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Veteran female Sarnia Police officer’s allegations under investigation

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Troy Shantz

The Sarnia Police Services Board has hired an independent investigator to look into an ongoing workplace complaint by a female officer who says she was assaulted and harassed by a male officer.

Helen Daniel, a Toronto labour and employment lawyer, is conducting the probe and will provide a report with recommendations in the coming weeks, said board chair and Sarnia Mayor Mike Bradley.

Once complete, Chief Norm Hansen and the board will decide if further action is appropriate and necessary, he said.

Staff Sergeant Jaime McCabe-Wyville alleges she was assaulted at Sarnia Police headquarters on Christina Street, and then subsequently harassed and bullied by the same officer and a second officer.

The assault allegation was turned over to Windsor Police for investigation earlier this year. The Windsor and Essex County Crown Attorney’s Office concluded “there would be no reasonable prospect of conviction if the police laid criminal charges,” the Sarnia Police Services Board said in a release last week.

McCabe-Wyville, who is no relation to another Sarnia officer named Wyville, has refused to return to work.

The 22-year police veteran, who has spearheaded two recruitment campaigns to increase diversity on the force, said she wouldn’t return to work until Sarnia Police put a safety plan in place.

“She absolutely fears for her safety, and quite rightly so,” said Gary Bennett, McCabe-Wyville’s lawyer.

“The problem is the person who has made her workplace unsafe is welcomed there without any type of punishment or any type of deterrent. And her only option is to be off work without pay, while her assailant is at work being paid.”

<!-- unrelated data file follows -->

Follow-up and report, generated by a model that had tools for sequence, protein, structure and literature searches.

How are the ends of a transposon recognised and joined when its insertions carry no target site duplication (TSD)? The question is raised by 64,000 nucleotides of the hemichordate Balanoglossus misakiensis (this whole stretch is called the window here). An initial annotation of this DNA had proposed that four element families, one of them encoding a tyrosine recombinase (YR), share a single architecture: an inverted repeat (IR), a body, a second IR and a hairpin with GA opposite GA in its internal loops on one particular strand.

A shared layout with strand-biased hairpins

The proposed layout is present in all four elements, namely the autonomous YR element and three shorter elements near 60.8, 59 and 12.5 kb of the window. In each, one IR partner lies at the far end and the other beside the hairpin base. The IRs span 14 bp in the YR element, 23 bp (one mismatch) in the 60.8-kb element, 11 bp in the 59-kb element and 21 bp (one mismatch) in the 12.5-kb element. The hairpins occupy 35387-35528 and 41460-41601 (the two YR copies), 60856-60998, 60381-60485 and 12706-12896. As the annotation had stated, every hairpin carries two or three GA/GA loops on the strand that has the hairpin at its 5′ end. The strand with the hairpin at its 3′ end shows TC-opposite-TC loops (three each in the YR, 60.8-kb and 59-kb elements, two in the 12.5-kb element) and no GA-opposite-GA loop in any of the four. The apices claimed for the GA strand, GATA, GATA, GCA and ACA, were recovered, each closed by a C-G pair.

In a statement, McCabe-Wyville said Sarnia Police have threatened to charge her under the Police Services Act for not remaining silent about the incident.

And she called an offer by Sarnia Police to order the male officer not to speak to her “unacceptable.” She wants the officer who allegedly assaulted and harassed her sent home, she said.

Bennett, based in Mississauga, said he is representing several women with similar complaints at other police forces.

“This type of discrimination against female officers is rampant,” he said. “It appears as though in policing, when these types of behaviours happen… the female officer is marginalized and the male officers — who are typically the perpetrators — continue to be promoted.”

In any other workplace such behaviour would be snuffed out, punished, and possibly result in termination, he said.

“The Occupational Health and Safety Act is pretty clear. A perpetrator in the office who may have power and authority over her… is a very clear and present hazard,” he said.

Bennett said McCabe-Wyville needs to be back on the job and compensated for time missed.

“The only reason she’s off is because they refused to create a safe workplace for her.”

Meanwhile, dozens of protestors gathered in support of McCabe-Wyville at Sarnia Police headquarters on Oct. 24 in a demonstration organized by Women’s March Sarnia-Lambton.

“I’m not sure why a female police officer who has had an independent review indicate that harassment did happen in the workplace remains on leave, unpaid,” United Church minister and activist Adam Kilner said at the protest.

“Perhaps the police have different rules than we in the public have. Regardless of what the rules are, we should all feel unsettled.”

In a statement last week, the Sarnia Police Services Board said the health and safety of all its employees is of paramount importance, and it’s satisfied appropriate accommodations are in place to allow McCabe-Wyville to return to work during the investigation.

“The SPSB recognizes the severity of these allegations and assures all citizens we are sensitive to the matter at hand and will continue to conduct this investigation while protecting the well-being, safety, and privacy of everyone involved,” it said.

 

 

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